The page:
City Comptroller John Liu said his audit of an upgrade for a water pollution control plant in Astoria revealed that the city Department of Environmental Protection had paid almost $6.6 million in extra costs due to the consultants’ design flubs even though the consultants are expected to cover the cost.
Liu criticized the agency for not attempting to recoup the funds paid for the Bowery Bay project, but said since the DEP largely agreed with the findings, he was confident the DEP would get back the cash.
“It’s money badly needed for taxpayers,” he said.
The comptroller’s audit, released Nov. 19, said the DEP originally began awarding contracts in 2000 for upgrading the Bowery Bay Waste Water Treatment Plant, at 43-01 Berrian Blvd. in Astoria.
Companies that won the contracts included Frontier-Kemper/Durr/Perini JV in Astoria, Lafata Corallo Plumbing & Heating from Brooklyn, CDE Air Conditioning Co. from Brooklyn, Lipco Electrical Corp. from Astoria and Hazen and Sawyer, P.C. from Manhattan.
The contracts cost more than $213 million, but another $6,591,192 needed to be spent in change orders to account for mistakes and omissions on the part of the consultant designer but the agency did not try to get the money back, the audit found.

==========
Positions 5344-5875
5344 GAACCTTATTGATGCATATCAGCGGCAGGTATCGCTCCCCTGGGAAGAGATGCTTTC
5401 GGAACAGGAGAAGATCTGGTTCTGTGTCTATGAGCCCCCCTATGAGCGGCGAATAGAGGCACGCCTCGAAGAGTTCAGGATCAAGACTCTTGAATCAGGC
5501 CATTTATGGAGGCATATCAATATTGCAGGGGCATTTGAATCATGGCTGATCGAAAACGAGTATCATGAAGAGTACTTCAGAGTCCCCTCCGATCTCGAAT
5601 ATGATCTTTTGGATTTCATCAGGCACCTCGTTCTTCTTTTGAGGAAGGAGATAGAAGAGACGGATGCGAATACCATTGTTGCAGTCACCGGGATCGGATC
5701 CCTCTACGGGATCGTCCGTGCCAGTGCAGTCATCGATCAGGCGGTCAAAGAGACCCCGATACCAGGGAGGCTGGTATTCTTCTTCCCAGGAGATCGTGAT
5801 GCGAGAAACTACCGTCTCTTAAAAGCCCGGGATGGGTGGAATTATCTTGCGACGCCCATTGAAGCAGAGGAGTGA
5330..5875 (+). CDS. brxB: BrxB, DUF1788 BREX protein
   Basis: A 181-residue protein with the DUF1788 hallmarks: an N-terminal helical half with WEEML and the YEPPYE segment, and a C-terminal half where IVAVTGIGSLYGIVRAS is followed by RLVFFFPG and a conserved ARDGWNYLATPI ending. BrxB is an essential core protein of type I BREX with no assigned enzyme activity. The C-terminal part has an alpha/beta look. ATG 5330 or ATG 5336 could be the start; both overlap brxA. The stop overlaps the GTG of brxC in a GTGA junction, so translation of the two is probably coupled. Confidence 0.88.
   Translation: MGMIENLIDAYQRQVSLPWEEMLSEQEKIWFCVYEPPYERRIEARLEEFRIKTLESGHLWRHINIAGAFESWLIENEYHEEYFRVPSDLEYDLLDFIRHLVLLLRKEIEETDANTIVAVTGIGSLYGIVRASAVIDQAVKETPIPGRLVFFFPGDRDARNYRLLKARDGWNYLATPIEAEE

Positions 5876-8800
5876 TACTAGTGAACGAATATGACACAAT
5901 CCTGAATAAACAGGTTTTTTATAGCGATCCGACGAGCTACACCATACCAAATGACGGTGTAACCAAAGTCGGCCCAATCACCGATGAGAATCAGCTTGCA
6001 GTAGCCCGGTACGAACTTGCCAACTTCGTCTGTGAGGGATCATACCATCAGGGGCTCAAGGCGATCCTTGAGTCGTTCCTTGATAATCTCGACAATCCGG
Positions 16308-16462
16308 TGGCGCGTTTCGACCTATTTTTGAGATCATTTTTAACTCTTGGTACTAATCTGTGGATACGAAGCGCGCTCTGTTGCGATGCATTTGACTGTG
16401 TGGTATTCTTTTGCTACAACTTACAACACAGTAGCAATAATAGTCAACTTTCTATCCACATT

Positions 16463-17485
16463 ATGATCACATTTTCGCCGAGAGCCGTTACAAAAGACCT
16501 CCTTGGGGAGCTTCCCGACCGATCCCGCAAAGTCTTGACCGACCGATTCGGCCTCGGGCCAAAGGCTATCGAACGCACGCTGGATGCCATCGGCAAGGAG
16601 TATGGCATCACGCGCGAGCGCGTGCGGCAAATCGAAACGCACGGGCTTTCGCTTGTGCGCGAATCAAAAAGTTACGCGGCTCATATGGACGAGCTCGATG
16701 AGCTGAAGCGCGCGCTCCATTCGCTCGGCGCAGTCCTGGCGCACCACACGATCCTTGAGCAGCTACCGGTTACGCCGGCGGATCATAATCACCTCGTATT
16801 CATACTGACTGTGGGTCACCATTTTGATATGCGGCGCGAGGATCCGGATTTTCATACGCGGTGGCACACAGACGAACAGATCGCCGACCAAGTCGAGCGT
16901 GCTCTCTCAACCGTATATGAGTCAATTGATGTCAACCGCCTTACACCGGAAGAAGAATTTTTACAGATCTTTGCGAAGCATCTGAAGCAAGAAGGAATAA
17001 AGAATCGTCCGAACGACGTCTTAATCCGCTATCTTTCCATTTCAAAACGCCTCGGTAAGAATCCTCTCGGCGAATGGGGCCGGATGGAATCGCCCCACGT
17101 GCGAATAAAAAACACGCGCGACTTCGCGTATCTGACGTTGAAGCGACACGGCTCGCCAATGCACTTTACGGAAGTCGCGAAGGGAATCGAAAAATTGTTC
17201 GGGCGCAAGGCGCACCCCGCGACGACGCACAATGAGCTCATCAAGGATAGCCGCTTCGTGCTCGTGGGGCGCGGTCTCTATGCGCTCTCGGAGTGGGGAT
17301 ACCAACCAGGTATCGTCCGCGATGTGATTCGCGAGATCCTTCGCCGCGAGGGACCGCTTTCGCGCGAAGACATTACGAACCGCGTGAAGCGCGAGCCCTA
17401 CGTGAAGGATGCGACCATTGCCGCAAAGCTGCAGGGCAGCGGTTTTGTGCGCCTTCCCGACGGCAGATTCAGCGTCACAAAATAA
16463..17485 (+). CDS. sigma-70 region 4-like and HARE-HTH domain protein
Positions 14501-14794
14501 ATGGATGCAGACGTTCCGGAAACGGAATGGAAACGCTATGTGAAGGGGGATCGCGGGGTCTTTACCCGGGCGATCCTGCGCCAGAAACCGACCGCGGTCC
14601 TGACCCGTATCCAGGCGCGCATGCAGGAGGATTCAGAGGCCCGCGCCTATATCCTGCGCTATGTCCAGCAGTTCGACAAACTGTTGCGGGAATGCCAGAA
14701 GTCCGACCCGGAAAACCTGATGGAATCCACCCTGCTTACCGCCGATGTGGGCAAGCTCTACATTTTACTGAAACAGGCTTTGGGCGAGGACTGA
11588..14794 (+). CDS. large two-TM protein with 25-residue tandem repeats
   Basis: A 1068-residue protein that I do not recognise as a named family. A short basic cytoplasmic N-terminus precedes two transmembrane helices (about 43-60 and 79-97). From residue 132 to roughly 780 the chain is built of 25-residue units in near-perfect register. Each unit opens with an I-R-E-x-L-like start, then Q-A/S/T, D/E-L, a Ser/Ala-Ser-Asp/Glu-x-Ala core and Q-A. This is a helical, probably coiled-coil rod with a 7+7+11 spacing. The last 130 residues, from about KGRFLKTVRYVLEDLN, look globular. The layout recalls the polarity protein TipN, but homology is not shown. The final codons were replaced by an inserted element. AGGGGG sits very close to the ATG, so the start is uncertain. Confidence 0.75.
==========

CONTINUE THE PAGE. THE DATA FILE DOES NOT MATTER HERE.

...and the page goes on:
In a letter to Deputy Comptroller Tina Kim sent Oct. 29, DEP General Counsel John Rousakis said, “In general, the department does not dispute the findings or the recommendations.”
Liu said the DEP did not try to recoup the costs because while the department had established procedures for doing so, it did not have written standards or internal controls associated with recoupment, and that the 27 change orders associated with the project were put under multiple classifications, which made them hard to track.
The comptroller said the DEP created a new standard operating procedure to deal with construction problems, but he also recommended the department make sure the staff complies with the procedure, refer change orders for errors to its Errors and Omissions Panel, use only one classification for every error and send the errors from the Bowery Bay project to the internal panel.
Rousakis said the only recommendation the DEP disagreed with was to submit the Bowery Bay project errors to the panel, saying this is required when the problems add up to 5 percent of the construction contracts or more. The errors amount to about 4.3 percent of the $213 million project.
Liu’s office disagreed, citing the magnitude of the money lost from the change orders.
“This is not a small mistake,” he said. “We’re talking about $6.6 million.”
The comptroller said he was “not too surprised” by the results of the audit. He said city agencies should avoid using outside contractors too often but should manage the contractors tightly when using them is unavoidable.
“This seems to be a pattern,” he said. “We see this at other city agencies also.”
Reach reporter Rebecca Henely by e-mail at rhenely@cn
©2012 Community News Group
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